I think I’m an anomaly of my generation. I still love the lunchbox sandwiches of the 90s. Egg salad, chicken salad, tuna salad? Yes please! (Side note, what makes these “salad?”) I think most of my peers either a) ate so many of these sandwiches in childhood that they refuse to even glance at them now or b) are trying to be more healthy in their lunch choices and therefore avoid mayonnaise-based sandwich stuffers. Either way, I pretty much never see people our age munching on a ‘salad’ sandwich in the breakroom anymore. I’m here to say that they’re missing out. I will say, I do make a few changes from whatever the lunch ladies used to offer. I don’t hate mayonnaise but I don’t want gobs of it smothering my chicken either. I just use enough to loosely bind the other ingredients to each other. I also like sneaking the shredded carrot into the mixture for some extra vegetable. Furthermore, I can make a batch of this fairly quickly and then have it ready for sandwiches for the rest of the week’s lunches! #mealprep 🙄
Curried Chicken Salad
- 2 large boneless, skinless chicken breasts (~1.5 lb)
- 1/4 cup + 1 tbsp (5 tbsp) mayonnaise
- 2 cloves garlic, minced
- 1 tsp grated fresh ginger
- 1 tbsp curry powder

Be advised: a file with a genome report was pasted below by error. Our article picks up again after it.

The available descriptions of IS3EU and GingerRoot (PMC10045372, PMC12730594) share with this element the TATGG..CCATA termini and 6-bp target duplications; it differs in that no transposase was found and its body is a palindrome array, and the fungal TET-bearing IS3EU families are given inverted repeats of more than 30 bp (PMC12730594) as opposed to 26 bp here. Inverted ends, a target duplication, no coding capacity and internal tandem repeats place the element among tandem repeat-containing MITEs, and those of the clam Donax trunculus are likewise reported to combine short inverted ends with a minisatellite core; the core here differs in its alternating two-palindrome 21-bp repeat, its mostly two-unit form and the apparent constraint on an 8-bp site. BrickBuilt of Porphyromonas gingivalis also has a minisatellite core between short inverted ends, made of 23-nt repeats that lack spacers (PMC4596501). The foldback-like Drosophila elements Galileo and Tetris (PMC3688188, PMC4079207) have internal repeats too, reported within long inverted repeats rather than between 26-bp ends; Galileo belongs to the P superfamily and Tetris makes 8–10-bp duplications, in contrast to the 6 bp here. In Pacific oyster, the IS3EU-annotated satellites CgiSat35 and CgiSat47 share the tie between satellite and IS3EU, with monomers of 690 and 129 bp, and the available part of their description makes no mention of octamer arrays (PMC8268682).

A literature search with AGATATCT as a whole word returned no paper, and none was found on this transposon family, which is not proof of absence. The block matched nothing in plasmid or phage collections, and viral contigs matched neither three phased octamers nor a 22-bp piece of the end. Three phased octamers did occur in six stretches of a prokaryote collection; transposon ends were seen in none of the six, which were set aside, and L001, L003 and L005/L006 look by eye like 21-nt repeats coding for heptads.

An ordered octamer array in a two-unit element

- 1 tsp paprika
- 10 turns fresh ground black pepper
- 1/2 tsp salt
- 1 large carrot, grated
- 1 cup halved red grapes
- Bring a pot of water to a boil. Submerge the chicken breasts and poach at a simmer for 12-15 minutes, until entirely opaque. (Safe chicken internal temp = 165)
- In a small bowl, mix together the mayonnaise, garlic, ginger, curry powder, paprika salt, & pepper.
- Once the chicken is cool enough to handle, chop or shred it. Place in a mixing bowl.
- Add the carrots and mayo mixture into the bowl with the chicken. Stir to combine.
- Lastly, add the grapes and stir everything together.
- Refrigerate until ready to eat.
Makes ~ 3 1/2 – 4 cups
We’re not really a picky couple when it comes to meat. We pretty much like it all. Our weekly routine usually consists of two nights of fish or other seafood, a night of beef, and pretty much the rest of the nights with chicken of some variety. We also love lamb, goat, duck, and all kinds of game meat, but get our grad-school-budgeted hands on those a little less often. But somehow, I feel like we always forget about pork. Every time we make pork, we always wonder why we don’t eat it more often. Fall and the cooler weather we’ve (finally!) been having made me think about doing a braised dish and this time, my mind went straight to the other white meat! I initially wanted to braise the pork in cider, with apples and potatoes on the side, a dish I make pretty much every fall. But then I realized that would end up being pretty darn similar to the Cider Chicken with Savory Fall Fruits that we made just two weekends ago. So I browsed our two favorite culinary magazines (Bon Appetit and Food & Wine) for some inspiration. Turns out, everyone braises pork in cider in the fall… But working back a few years, I came across the recipe we adapted this dish from – a different flavor profile that was exactly what I was looking for!